7 Reasons why I'm quitting BBQ Competitions...

Dear BBQ Friendchatham artillery bbq team:

1) It's too expensive - Even though I usually take home a paycheck at BBQ competitions, a competition can easily have costs near $1000 give or take a few hundred. And that does not include equipment and trailer costs. It's a very expensive hobby. Heck... for that kind of money I can take the whole family on a 7 night cruise or spend 3 weeks camping in the Smoky Mountains.

2) It's too much work - Don't get me wrong, BBQ competitions are a lot of fun, but behind the scenes there's about a week of very hard work... buying meat and supplies, making the sauces and injections, packing the trailer, traveling, setting up, the actual contest, packing for exit, traveling home, unpacking, cleaning the smoker, etc, etc. I could go on vacation for less money and all I have to do is sit around and relax, go sightseeing, or riding my Harley. And I can BBQ all I want without having to fork out $1000 and do all that work. And remember... I'm just a one man operation here - I don't have four, five, six or more team members like most of these other teams have. I have to do 95% of the work myself. I also have a 5 year old daughter that is just starting school, so that's going to take up more of my time.

3) It's not exactly fair - One thing I have never liked about competitive BBQ is the whole judging system. Yes... there are a handful of teams that seem to be able to cut through the fog and rise to the top in most contests. This usually depends on what the judges seem to like that year and how good you are at shigging (gathering info from other competitors), finding out what is hot, and cooking what the judges are looking for.

A few years ago I was a Table Captain at a large southeastern contest. One judge at my table was pretty senior (four digit KCBS number), an MCBJ, and a cook, too. When I collected the score cards for chicken, I couldn’t help but notice his scores – all fives and sixes. So, I showed them to the Rep as Table Captains are instructed to do when a judge’s scoring is significantly different from the rest of the table. Before the ribs came, the Rep took him aside for a little conversation. After the rib round, I noticed his scoring had changed. It had gone up to mostly sixes with a seven here and there. Again, I put his card on top and showed it to the Rep. We’d had a good round on ribs and all the other judges were handing out eights and nines, mostly. The Rep shook his head and had another confab with my oddball judge. Nothing came of it. His scoring for pork and brisket was still much lower than the table norm. After the judging ended, he told me that he was on a one-man campaign to decrease the scores in general because, in his opinion, all scores were inflated. Sadly, his ill-conceived campaign just randomly hurt some cooks and had no impact on any other judges. He didn’t think about that! - From an article by Gordon Hubbell in the November 2013 KCBS Bullsheet.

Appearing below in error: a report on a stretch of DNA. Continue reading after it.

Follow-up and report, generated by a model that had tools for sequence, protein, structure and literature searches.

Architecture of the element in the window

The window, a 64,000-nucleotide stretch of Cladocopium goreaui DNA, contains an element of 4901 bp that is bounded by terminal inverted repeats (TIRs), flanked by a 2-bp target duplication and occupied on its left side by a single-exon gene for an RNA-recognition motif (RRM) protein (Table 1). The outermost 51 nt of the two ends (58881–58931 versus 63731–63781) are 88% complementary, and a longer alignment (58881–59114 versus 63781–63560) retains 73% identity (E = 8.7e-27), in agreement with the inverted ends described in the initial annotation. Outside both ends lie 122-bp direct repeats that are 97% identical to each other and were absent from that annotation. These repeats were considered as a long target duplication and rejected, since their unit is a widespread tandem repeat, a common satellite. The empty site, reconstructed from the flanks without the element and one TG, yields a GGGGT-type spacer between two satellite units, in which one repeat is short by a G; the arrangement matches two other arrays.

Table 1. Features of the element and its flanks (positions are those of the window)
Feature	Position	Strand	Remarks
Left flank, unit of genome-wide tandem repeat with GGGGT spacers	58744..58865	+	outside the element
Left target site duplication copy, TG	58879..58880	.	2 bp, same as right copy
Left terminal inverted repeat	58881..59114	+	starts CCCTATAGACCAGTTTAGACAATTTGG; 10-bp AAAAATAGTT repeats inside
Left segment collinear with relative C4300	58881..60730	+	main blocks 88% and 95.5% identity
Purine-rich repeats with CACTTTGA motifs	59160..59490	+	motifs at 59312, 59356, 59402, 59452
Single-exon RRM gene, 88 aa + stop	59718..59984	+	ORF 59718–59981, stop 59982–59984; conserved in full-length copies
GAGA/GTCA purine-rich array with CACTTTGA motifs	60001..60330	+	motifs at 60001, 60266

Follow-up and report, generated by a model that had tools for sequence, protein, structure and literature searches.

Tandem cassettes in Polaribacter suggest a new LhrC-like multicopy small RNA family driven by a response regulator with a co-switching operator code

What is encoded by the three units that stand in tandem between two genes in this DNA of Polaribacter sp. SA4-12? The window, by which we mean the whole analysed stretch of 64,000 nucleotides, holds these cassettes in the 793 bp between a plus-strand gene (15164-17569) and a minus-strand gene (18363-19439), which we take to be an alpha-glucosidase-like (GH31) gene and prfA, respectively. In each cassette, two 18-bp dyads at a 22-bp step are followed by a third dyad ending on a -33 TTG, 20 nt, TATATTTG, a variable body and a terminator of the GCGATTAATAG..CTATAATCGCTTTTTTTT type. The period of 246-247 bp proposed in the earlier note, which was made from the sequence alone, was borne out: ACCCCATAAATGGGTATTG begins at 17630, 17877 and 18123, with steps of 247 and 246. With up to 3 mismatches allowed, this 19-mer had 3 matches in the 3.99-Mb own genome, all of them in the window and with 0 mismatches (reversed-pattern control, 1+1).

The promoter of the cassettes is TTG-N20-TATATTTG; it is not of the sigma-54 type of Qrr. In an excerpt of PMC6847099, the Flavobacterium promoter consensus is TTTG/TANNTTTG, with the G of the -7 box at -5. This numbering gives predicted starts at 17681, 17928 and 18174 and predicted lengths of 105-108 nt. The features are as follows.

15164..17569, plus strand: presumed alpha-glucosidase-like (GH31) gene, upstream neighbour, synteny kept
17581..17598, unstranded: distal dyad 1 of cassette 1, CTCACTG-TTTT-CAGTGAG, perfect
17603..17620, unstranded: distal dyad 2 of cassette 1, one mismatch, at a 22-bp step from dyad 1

You might be surprised, but I don't mind low scoring judges. A judge should be able to score any way he or she sees fit. The problem arises when I get on that judge's table and another team does not. With the current judging system in all sanctioning bodies, that one judge can easily kick 24 teams right out of contention. All those costs and all that hard work right down the drain.

Also... all these Team of the Year (TOY) contests are quantity contests and not quality contests. A team that only does 10-20 contests a year doesn't stand a chance against those doing 30-40 contests a year. I have never done more than about 13 contests a year (one a month) - I couldn't even imagine having to do a contest just about every weekend.

4) Bad economy - As most of you know, I don't just compete for fun... I try to make a living at it. I sell the book Competition BBQ Secrets, the videos at  www.BarbecueCoach.com , BBQ thermometers, etc. Well, times are tough and sales are way down and I have to find other means to pay the bills around here. Hopefully, I can continue selling these products as they have helped 1000's of pitmasters to cook much better BBQ.

5) Other markets - Competition BBQ is actually a small subset of the BBQ population. I need to expand my horizons and get more into tailgating and helping backyarders out with their BBQ.

6) Cooking the same old stuff - At BBQ contests, all we ever cook is chicken thighs, ribs, Boston Butts, and brisket with occasional ancillary contest thrown in on Friday night at some contests. I want to cook something different!

7) Not traditional - We are always trying to cook for the judges and that means BBQ as sweet as candy except for brisket and even that is changing. I do not like this... traditional pit cooked BBQ would finish in last place in most BBQ contests and I think that is a shame. The mission statement of the KCBS is "Recognizing barbeque as America's Cuisine, the mission of the Kansas City Barbeque Society is to celebrate, teach, preserve and promote barbeque as a culinary technique, sport and art form". Well... I don't know what KCBS is preserving and teaching but it certainly is not traditional BBQ. It's what the judges like, and it's good, but it's not traditional. A lot of people who like vinegar sauces, mustard sauces, spicy BBQ, or fall off the bone ribs may even find competitive BBQ to be downright distasteful.

So... I'm taking a little break from competitive BBQ. Maybe I will get back into it in the future. Only time will tell. I may just do some judging - just traveling and eating a little competition quality BBQ - now that's the life!

In the meantime, I'm going to keep bringing you more BBQ tips and videos. Just email me if there is anything specific you would like me to cover. Look for the next one in a week or two. BBQ season is fast approaching - so dig your smokers out of the snow and start warming them up!


Bill Anderson